The 20th century saw an amalgam between the solo pianist-hero and the cooperative piano duet in some of the most virtuosic works for piano duo (that is, two pianos, four hands). Sergei Rachmaninoff’s suites for two pianos follow the model of his solo works. They are technically demanding, orchestral textures dominate, but his instrument of choice, the piano, is doubled. His Suite no. 2 has been a staple for the famous piano duos of the 20th century like Martha Argerich and Nelson Freire and the husband/wife duos Rosina and Josef Lhevinne and Victor Vronsky and Vitya Babin. Though works like this suite are undeniably affective, they sacrifice the intimacy of the single-keyboard, four-hand performances where one must not just share the stage, but the instrument itself. In the former, two soloists come together to perform, but their instruments separate them from each other. In the latter, two soloists are conjoined through their shared instrument as they not only play, but play with.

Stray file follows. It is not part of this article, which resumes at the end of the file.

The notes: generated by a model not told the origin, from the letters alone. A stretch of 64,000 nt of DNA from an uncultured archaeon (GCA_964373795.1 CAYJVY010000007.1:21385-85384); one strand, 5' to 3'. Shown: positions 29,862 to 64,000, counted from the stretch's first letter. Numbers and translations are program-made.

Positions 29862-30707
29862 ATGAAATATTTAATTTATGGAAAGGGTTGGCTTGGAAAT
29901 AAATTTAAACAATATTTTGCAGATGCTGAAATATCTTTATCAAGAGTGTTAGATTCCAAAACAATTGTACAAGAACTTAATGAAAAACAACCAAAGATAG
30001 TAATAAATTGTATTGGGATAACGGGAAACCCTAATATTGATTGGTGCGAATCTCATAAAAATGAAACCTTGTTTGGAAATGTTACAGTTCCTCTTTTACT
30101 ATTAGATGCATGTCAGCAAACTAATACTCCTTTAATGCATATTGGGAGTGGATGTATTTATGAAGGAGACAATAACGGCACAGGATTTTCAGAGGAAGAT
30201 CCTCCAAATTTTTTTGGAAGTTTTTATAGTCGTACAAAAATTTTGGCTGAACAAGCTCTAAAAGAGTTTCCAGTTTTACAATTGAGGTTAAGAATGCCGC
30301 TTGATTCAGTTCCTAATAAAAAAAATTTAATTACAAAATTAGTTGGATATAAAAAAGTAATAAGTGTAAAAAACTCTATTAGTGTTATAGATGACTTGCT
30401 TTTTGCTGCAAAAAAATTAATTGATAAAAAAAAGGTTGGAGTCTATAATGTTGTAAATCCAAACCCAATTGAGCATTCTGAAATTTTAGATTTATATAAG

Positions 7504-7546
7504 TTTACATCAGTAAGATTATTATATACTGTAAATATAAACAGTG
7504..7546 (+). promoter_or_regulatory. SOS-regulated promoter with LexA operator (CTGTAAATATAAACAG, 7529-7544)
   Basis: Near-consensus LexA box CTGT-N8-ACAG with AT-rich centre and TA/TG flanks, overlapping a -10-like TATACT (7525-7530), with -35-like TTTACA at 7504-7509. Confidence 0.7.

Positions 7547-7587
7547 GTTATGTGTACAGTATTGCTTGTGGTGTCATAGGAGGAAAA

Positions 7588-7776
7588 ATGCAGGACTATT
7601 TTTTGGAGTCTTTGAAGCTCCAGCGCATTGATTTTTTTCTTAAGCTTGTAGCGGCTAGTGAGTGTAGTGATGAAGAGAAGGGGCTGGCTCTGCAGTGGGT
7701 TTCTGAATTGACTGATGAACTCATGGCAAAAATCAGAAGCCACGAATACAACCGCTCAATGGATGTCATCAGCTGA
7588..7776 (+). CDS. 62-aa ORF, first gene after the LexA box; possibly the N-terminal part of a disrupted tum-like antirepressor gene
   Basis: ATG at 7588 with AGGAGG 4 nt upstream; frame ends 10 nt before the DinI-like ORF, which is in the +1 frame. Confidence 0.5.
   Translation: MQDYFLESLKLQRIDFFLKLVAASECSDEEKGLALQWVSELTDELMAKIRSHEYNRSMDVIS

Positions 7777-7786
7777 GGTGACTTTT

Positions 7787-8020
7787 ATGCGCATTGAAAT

If there is a fixed tradition in the long history of music for two, perhaps it is only this: Play with! The rules of play are as flexible as they are unwritten and, like children’s games, can change as quickly as they are agreed upon. Each musician plays off of the other, responding to subtle musical suggestions, amending them or defying them; plays with the composer’s instructions, and plays with audience’s expectations. Sometimes the wordless game is, as Tolstoy suggests, the passionate play of Eros; other times, as Goethe characterized it, a “rational conversation.”